An American gets a ticket for an audience participation game in London, then gets involved in a case of mistaken identity. As an international plot unravels around him, he thinks it's all part of the act. Written by
In the hotel after the interrogation, Boris walks out of the room to call Dr. Kropotkin and says: "Uri, get the rubber sheets... and watch that man," (pointing to Bill Murray's character). "Watch That Man" is the title of the novel on which the movie is based. See more »
When Wally points the revolver at Lori, you can see light through the chambers in the cylinder, indicating that there are no rounds - live or otherwise - in the gun. See more »
You know, for half a second back there I thought I saw a real human being.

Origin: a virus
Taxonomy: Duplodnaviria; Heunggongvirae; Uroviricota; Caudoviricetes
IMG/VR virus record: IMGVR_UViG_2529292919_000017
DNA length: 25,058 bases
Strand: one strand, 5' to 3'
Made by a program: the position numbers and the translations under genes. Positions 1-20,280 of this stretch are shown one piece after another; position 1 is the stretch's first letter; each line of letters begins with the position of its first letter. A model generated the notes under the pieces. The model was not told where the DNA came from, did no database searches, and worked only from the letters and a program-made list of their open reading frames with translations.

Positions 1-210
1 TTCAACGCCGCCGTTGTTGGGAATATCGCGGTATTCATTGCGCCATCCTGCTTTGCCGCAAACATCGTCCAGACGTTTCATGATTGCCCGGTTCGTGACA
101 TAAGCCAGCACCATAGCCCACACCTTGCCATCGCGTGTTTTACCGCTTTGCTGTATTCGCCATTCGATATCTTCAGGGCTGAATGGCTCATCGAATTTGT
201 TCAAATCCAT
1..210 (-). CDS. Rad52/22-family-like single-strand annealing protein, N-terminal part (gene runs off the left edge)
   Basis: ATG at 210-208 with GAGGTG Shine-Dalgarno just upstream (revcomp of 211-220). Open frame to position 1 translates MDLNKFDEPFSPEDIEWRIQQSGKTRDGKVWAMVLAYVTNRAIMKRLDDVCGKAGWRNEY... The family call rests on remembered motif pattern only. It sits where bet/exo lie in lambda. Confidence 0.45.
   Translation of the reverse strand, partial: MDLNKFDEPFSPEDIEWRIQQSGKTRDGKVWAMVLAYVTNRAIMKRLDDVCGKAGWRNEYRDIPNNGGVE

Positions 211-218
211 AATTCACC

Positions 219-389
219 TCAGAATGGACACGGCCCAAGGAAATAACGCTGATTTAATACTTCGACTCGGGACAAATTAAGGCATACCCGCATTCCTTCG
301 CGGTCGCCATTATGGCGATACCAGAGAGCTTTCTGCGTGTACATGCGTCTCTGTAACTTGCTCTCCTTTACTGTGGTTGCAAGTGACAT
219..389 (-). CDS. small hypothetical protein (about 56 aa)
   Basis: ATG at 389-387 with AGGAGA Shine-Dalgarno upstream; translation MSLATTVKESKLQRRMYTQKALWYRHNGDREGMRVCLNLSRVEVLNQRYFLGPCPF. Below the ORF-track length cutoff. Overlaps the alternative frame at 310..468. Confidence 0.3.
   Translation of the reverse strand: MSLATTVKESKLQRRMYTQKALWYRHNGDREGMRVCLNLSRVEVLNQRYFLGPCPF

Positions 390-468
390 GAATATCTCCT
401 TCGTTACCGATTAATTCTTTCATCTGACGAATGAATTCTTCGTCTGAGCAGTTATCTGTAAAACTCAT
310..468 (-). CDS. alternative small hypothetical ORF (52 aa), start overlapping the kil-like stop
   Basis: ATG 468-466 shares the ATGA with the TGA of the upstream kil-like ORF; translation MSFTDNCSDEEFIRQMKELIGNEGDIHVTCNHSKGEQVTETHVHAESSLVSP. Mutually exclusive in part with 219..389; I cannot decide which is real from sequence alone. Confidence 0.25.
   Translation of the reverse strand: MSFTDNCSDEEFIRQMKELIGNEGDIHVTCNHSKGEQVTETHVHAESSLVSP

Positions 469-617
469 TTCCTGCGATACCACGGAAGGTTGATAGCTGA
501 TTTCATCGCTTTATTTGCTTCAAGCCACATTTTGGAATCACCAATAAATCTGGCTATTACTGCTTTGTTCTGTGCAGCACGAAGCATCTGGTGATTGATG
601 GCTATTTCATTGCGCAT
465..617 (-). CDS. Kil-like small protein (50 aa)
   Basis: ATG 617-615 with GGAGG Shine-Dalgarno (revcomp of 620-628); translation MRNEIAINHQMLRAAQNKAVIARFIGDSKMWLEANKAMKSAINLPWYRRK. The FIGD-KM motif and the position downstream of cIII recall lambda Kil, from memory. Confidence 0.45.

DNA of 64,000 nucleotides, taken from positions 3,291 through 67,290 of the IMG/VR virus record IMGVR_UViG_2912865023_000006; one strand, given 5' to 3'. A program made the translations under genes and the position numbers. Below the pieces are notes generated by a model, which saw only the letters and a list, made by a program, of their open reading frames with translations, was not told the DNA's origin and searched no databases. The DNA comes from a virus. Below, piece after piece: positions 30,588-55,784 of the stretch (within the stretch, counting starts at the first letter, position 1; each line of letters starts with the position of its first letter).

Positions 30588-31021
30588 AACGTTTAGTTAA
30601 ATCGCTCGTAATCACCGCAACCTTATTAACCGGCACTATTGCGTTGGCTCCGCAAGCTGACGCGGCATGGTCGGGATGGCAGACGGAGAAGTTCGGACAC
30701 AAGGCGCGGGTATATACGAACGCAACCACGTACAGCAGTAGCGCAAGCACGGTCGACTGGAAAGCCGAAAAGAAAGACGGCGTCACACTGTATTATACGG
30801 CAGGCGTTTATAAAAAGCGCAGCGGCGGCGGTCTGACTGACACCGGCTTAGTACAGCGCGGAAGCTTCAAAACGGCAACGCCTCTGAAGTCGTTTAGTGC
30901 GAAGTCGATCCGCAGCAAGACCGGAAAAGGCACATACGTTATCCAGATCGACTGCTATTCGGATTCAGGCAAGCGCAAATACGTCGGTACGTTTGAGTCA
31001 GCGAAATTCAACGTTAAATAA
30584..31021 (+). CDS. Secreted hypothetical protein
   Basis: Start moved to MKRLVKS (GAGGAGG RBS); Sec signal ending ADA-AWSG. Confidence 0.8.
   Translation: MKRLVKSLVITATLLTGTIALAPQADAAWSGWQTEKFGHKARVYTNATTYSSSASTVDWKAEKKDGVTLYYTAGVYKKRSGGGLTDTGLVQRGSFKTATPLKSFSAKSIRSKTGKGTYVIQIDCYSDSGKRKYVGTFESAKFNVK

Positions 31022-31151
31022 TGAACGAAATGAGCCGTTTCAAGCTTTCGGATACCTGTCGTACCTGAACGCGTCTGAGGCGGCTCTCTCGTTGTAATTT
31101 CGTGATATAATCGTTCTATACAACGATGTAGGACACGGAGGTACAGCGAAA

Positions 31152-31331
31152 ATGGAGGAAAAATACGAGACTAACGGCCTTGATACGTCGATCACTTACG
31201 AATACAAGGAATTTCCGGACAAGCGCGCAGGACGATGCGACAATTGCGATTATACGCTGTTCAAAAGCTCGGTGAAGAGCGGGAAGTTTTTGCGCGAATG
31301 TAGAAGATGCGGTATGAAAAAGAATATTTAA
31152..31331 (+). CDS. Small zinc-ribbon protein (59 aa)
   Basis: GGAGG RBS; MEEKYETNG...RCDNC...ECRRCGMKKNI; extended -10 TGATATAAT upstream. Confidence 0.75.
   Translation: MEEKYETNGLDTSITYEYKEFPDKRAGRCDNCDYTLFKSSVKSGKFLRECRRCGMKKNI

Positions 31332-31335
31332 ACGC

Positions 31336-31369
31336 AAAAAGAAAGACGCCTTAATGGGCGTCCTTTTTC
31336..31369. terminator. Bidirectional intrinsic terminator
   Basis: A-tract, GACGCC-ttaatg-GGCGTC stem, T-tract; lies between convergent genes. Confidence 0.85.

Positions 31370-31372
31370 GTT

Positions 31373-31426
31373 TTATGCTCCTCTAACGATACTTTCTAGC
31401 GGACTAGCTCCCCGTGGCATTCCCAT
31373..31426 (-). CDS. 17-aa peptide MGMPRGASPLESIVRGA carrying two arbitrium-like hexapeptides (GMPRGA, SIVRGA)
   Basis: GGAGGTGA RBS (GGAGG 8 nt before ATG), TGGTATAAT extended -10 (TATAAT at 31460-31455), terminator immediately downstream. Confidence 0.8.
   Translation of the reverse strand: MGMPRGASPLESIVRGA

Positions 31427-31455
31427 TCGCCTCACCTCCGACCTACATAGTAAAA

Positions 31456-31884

Nobody asked me to be a human being.
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Although this movie is not quite as funny as What About Bob, I think this is probably Bill Murray's second funniest film, though I strongly doubt if it will be enjoyed as much by the average viewer. That is because, I hate to say, the "average viewer" often is a teenager or adult who likes their comedy very broad and simple. No, this will not appeal to fans of Porky's or Little Nicky because it requires the viewer to have a reasonable attention-span and the ability to enjoy a comedy that doesn't telegraph what will happen next (just how many movies these days are hard to predict anyways?).
The movie is a screwy, difficult to describe spy adventure where everyone knows just how deadly the stakes are---except for Bill Murray's character. He mistakenly thinks everything that is happening around him is a type of performance art (sort of a Theatre of the Absurd). You MUST watch it.
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